It has rapidly become conventional wisdom that the widespread use of social media has resulting in an increase in the “echochamber effect.” This results from people only consuming media that already is in line with their existing beliefs and ideology. This is nothing new, psychologists have long documented that people are much more likely to access information that reinforces their existing beliefs and biases, and much less likely to engage with information that directly challenges their beliefs.

One of the hopes of the internet is that it would help people break out of their self-imposed echochambers of thought, by making a greater diversity of information, opinions, and perspective a mouse click away. That dream was thwarted, however, by the real world. Social media giants, like YouTube and Facebook, trying to maximize their own traffic, developed algorithms that placed information in front of people that they were most likely to click – meaning the kind of information they are already consuming. Watch one video about dog shows, and you will find a helpful list of popular dog show videos on the right on your browser. The next thing you know your mild interest in dog shows becomes a fanatical obsession. OK, maybe not, but that is the concern – self-reinforcing algorithms will tend to have a radicalizing effect.

There are also clearly virtual networks on the web developed to function like echochambers. There are blogs and channels dedicated to one specific world view, or opinion on a specific topic. The site is curated to be friendly to those with the same view, who are welcomed as compatriots. If you disagree with the approved view of the site, you are a troll. Your comments are likely to be blocked and you may even be banned. Of course, people have the right to protect their sites from truly disruptive and counterproductive behavior, but what makes a troll is in the eye of the beholder.

There are also metasites that curate multiple other sites, as well as news items, that cater to one world view, whether it be a political faction, specific activism, or ideology.

Supporting this echochamber narrative is the fact that people are becoming more polarized, tribal, and emotional over time. People hold more negative views of their political opponents, and are less likely to think that, while they disagree, they have a valid perspective.

The hope of the internet seems to have backfired. Rather than bringing people together, the internet has facilitated people separating themselves into multi-layered factions. The web is tribalism on steroids.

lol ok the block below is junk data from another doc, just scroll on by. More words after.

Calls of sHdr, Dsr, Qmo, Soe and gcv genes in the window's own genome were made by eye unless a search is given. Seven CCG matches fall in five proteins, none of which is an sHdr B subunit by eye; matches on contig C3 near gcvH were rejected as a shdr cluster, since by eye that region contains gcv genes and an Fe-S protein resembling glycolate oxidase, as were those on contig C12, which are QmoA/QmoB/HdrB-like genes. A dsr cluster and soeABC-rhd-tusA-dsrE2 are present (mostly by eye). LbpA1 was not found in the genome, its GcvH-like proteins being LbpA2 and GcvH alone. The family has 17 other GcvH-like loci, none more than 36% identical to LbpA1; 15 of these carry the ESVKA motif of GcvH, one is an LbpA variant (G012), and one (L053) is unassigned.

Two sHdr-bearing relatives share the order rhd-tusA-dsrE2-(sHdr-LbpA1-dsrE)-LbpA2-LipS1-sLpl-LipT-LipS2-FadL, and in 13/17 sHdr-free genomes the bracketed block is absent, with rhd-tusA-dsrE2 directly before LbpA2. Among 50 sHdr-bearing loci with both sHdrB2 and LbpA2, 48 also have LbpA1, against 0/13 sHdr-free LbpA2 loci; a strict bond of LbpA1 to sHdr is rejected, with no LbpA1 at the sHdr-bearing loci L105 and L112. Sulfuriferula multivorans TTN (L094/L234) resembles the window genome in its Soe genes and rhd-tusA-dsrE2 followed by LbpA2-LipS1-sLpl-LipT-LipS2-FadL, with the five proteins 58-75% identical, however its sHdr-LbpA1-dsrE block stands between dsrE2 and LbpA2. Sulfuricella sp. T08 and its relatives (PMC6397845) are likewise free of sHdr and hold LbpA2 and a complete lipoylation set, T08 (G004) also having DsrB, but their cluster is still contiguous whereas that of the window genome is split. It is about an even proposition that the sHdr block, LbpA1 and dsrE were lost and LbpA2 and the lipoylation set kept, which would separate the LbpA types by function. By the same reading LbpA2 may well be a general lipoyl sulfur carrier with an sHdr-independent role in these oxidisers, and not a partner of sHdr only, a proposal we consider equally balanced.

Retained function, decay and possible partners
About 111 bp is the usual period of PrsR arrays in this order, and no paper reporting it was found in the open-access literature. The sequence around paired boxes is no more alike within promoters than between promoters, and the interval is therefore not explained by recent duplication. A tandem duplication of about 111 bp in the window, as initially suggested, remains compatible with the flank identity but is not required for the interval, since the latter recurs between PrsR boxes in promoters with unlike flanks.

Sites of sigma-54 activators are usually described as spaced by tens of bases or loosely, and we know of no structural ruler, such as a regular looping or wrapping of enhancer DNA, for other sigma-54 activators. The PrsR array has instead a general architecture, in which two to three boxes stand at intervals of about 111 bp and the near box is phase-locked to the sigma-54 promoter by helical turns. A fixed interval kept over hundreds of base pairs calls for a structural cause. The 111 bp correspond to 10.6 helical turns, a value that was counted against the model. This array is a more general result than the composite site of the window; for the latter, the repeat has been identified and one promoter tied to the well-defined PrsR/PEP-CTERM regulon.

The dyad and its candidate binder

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Apr 13 2018

Free Speech Crisis Revisited

Three weeks ago I wrote about a recent survey of attitudes on college campuses regarding free speech. I and many other bloggers used the new data as an opportunity to make a few skeptical points.

First, the data does not support the popular narrative that there is a free speech “crisis” on college campuses. The long term trends show that support for free speech is increasing, and that college education and being liberal both correlate with more support for free speech. These trends directly contradict the standard narrative that liberal college professors have “run amok” with their political correctness.

In response Sean Stevens and Jonathan Haidt wrote a couple of articles arguing that the skeptics were wrong on this issue. To be as fair as possible, I do think they have one small point to make, but overall I think they are tilting at a straw man of their own making. I also think they are making the exact kind of errors of biased interpretation that they are accusing the skeptics of making.

The legitimate point they make is that while the long term trends are positive toward free speech, recent data suggests that the current generation (iGen) entering college may be reversing that trend. At least, we should consider this recent data in formulating any opinions about the current state of affairs.

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Mar 20 2018

Free Speech – Perception vs Reality

Published by under Logic/Philosophy

In general, which demographic is more supportive of free speech, a college student who identifies as an extreme liberal, or a non-college educated conservative? How has overall support for free speech, even “politically incorrect” speech, changed over the last few decades? The answers to these questions may seem obvious, and that’s the point, because the actual facts run contrary to common perception.

Researcher Justin Murphy recently published aggregated results of surveys regarding tolerance of different kinds of speech. There is also a good discussion of this data on Vox, but here is the quick overview:

  • Tolerance of speech or support for free speech has been overall rising over the last few decades